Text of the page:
The world's longest birthday candle - a green laser from TRUMPF - will be burning at the GLOW light art festival in Eindhoven, Netherlands, from 11 to 18 November 2023. To mark its centenary, the German high-tech company TRUMPF is projecting one of the world's most powerful show lasers into the sky. For this promotion, the company's engineers worked with Lightline, a show laser manufacturer, to convert an industrial high-performance laser into an event laser. "We would like to use this festival and our anniversary as an opportunity to give something back to our employees, partners, customers and all other residents of Brainport Eindhoven. This laser consumes very little energy, and yet our research indicates that it is the most powerful show laser beam in the world," explains project manager Philipp Barthold.
With around 18,400 employees, TRUMPF generated sales of €5.4 billion in the last fiscal year. With more than 80 companies, the group is represented in nearly every European country, in North and South America, and in Asia. As the world's leading laser manufacturer, the company supplies the Dutch company ASML with high-power lasers for EUV lithography for the production of state-of-the-art microchips. In Eindhoven, TRUMPF also develops and sells photonic chips that are used in products such as smartphones. In the Netherlands, the company is also recognized as one of the leading manufacturers of digitally networked machines and systems for sheet metal processing. The show laser is located at TRUMPF's site in the north-west of Eindhoven. It will light up on several days during the light art festival, depending on weather conditions and air traffic. Reaching a height of around 10 kilometers, the green beam of light will be visible within a radius of up to 80 kilometers.
The green light is generated by a laser with three kilowatts of power. "This laser is extremely energy-efficient. When operated for one hour, the laser consumes about as much energy as eight people blow-drying their hair at the same time", explains Barthold. Around 35 laser specialists, safety specialists, design engineers and other experts were involved in the project. In addition to TRUMPF's laser expertise, the operation of a laser of this type requires extensive specialist knowledge. Among other things, the airspace must be monitored so as not to cause any risk to air traffic. The show laser company Lightline is responsible for this and for operation of the laser. Lightline has over 30 years of international experience in show laser technology and specializes in challenging laser applications. Lightline's customers include world-famous names in the entertainment industry.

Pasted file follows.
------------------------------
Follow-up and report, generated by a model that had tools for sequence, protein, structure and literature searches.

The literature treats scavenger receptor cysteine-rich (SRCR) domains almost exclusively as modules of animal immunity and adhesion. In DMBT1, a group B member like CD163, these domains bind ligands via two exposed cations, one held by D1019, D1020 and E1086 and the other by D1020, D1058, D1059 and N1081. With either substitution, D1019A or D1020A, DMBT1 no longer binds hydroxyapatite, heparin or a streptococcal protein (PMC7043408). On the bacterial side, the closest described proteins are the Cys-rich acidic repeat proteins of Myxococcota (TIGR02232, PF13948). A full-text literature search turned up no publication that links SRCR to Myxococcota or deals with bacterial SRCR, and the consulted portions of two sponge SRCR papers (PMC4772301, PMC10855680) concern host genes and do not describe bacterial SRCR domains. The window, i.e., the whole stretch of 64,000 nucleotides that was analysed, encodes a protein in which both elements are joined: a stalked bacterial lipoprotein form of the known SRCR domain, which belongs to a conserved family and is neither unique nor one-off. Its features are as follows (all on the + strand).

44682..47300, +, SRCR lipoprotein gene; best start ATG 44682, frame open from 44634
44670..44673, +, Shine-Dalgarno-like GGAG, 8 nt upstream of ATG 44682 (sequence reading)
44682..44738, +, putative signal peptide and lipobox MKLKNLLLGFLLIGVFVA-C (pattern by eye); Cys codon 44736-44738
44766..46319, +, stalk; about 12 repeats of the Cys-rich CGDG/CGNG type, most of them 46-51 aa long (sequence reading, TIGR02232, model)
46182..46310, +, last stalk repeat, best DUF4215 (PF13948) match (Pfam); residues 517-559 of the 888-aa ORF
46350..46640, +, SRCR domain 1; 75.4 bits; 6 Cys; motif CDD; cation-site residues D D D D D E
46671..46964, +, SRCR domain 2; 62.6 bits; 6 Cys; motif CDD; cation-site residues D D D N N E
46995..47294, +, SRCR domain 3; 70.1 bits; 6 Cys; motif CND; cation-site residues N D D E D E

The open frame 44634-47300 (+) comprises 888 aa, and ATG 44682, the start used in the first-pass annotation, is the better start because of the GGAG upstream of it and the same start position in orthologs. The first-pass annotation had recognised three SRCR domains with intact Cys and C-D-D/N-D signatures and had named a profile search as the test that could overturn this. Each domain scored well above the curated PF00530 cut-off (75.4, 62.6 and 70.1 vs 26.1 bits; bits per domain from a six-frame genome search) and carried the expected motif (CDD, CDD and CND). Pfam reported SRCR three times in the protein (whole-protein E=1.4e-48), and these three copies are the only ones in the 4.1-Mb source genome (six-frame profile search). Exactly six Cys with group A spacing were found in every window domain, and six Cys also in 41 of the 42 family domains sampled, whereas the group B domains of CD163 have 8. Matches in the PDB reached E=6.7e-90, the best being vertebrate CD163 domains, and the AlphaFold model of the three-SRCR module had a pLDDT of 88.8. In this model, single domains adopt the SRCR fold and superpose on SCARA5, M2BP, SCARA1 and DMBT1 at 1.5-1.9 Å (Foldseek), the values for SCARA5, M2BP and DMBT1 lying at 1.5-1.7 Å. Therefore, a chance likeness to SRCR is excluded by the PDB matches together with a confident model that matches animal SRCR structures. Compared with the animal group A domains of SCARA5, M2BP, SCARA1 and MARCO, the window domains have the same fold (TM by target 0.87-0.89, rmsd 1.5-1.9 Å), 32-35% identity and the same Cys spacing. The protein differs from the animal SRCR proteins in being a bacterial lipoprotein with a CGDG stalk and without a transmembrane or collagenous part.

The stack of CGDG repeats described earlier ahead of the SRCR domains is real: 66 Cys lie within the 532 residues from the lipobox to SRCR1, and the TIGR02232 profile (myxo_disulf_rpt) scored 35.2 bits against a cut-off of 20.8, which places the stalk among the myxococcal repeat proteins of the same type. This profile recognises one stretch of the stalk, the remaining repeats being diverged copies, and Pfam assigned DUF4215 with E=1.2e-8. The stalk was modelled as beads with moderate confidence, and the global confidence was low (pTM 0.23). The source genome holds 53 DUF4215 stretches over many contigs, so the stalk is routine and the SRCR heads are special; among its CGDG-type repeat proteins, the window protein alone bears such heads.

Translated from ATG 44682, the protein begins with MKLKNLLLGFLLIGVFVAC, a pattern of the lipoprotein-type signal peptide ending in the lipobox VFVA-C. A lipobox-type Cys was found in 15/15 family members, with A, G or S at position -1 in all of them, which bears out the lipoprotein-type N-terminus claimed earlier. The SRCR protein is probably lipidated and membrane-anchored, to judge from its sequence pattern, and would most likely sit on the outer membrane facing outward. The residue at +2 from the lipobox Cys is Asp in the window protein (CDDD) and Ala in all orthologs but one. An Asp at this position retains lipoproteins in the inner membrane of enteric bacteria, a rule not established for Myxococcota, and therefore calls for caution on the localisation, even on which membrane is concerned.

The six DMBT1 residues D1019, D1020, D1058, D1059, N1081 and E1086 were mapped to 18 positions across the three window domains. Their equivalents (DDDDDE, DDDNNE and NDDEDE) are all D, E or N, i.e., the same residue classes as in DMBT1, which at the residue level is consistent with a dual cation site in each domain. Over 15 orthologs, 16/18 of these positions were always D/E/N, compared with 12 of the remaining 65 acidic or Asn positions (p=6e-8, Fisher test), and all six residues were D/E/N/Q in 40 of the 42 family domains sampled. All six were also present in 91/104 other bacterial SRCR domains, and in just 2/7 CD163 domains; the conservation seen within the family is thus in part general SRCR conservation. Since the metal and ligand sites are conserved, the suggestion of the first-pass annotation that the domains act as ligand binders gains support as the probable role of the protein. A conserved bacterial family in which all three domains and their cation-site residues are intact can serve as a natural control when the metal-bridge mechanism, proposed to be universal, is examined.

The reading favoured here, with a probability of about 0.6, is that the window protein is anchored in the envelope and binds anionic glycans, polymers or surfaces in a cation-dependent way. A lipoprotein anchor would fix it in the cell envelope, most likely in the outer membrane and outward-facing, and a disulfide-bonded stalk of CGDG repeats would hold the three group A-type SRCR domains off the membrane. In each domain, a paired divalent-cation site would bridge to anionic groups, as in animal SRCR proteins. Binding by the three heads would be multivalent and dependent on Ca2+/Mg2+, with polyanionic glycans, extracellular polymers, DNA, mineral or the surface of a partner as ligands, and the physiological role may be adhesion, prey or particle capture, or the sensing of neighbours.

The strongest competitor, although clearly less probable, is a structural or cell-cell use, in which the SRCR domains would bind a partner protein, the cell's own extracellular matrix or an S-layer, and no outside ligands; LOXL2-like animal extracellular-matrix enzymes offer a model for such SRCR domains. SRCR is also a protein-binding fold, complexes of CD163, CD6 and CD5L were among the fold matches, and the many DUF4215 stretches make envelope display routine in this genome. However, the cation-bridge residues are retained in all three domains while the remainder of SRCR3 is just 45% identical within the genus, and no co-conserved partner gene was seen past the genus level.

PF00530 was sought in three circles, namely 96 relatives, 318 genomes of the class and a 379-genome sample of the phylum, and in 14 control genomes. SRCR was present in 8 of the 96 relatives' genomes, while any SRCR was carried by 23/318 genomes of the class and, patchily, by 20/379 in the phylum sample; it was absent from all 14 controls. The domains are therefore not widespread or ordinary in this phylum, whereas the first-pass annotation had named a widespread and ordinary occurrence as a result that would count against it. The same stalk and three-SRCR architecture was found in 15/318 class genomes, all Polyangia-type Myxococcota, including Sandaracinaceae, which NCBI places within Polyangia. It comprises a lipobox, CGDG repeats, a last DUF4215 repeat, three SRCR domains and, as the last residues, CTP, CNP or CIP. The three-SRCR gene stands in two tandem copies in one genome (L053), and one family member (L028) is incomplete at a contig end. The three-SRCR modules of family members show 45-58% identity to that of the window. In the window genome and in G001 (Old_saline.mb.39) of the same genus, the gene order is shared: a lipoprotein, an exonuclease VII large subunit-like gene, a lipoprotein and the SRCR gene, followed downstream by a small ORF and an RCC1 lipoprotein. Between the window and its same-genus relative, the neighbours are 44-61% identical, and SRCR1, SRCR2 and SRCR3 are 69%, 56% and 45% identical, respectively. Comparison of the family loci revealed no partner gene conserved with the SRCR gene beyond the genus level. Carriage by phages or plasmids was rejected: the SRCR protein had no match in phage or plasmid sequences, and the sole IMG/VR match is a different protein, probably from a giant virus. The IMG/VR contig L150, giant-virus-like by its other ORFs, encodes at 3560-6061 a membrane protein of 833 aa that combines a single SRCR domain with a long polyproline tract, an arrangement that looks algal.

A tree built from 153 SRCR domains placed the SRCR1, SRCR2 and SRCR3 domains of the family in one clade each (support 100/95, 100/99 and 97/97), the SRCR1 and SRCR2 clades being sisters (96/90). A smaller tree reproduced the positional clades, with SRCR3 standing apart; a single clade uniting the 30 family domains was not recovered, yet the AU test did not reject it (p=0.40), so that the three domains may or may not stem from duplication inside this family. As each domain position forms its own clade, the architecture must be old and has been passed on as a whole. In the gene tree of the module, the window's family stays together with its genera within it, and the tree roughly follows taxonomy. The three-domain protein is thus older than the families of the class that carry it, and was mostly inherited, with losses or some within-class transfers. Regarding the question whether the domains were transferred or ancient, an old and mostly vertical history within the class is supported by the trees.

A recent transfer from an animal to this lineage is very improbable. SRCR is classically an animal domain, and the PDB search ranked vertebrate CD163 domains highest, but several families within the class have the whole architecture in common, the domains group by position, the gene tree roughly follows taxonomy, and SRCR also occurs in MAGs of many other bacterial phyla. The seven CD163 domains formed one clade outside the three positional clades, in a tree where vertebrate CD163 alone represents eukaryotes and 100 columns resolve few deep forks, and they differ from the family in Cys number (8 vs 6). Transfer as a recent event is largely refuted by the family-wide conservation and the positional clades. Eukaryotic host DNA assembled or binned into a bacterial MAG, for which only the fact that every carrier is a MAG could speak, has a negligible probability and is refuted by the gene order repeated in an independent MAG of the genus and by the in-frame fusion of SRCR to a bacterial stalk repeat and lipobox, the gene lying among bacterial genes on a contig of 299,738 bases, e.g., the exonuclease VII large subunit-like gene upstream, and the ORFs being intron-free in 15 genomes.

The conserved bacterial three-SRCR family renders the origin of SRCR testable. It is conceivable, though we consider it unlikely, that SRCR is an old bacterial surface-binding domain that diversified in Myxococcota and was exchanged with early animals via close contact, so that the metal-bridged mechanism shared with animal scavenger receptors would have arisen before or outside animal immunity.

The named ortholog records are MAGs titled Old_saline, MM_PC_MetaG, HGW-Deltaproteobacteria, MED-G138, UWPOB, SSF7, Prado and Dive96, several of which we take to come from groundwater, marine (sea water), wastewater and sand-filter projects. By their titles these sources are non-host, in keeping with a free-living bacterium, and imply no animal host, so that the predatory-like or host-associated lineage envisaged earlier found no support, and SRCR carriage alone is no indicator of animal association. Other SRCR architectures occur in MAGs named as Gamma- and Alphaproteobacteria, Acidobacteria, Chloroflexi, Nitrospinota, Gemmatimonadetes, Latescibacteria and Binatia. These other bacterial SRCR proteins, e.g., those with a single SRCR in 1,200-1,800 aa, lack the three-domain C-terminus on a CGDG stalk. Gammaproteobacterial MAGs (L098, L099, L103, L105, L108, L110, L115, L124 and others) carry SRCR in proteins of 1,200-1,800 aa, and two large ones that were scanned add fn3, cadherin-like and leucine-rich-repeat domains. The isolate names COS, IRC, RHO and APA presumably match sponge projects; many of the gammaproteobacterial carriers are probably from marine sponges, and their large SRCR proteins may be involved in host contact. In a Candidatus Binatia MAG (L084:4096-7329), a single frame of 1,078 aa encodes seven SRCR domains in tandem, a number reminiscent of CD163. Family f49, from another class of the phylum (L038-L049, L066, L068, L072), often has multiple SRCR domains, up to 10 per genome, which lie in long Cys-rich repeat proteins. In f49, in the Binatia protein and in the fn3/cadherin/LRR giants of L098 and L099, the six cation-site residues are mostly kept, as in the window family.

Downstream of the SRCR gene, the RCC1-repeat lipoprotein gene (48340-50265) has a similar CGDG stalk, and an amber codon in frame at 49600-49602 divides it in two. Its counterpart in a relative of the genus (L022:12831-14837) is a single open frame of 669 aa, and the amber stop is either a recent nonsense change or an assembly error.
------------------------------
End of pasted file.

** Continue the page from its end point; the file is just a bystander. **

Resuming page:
What height does the laser reach?
The laser remains clear and distinct at an altitude of ten kilometers. It then begins to weaken as the particles in the air decrease.
Why is the laser green?
TRUMPF is one of the leading companies manufacturing green light lasers. These are used primarily by the automotive industry for the production of components for electric cars.
How much energy does the laser consume?
The laser consumes about as much energy as eight people blow-drying their hair at the same time.
How thick is the laser beam?
The laser beam is approximately two centimeters wide when it exits the laser system.
Why does the laser sometimes switch off?
If an aircraft approaches, a specially installed radar system ensures that the laser switches off.
How likely is it that the laser will dazzle an airline pilot?
TRUMPF has taken steps to eliminate this risk: The laser points vertically upwards. It is highly unlikely that an aircraft will fly exactly over the laser and that the pilot will look down at the same time. TRUMPF has also registered the laser with the aviation authorities. Aircraft and helicopters with a corresponding system will see the laser as an obstacle on the map. Two radar systems also monitor the airspace. If an aircraft approaches, the laser switches off.
What happens if the laser tips over?
There is a double safety device. The service engineers have permanently mounted the laser on a structure. If the structure should tip over - although this is actually impossible - the enclosed protective housing comes into play. The laser will then shine against a sheet of steel surrounding it. Two Lightline employees monitor the laser at all times. The laser can be switched off at any time using various emergency stop buttons.
What does the laser cost?
The 3kW green laser is priced at a low six-figure euro amount.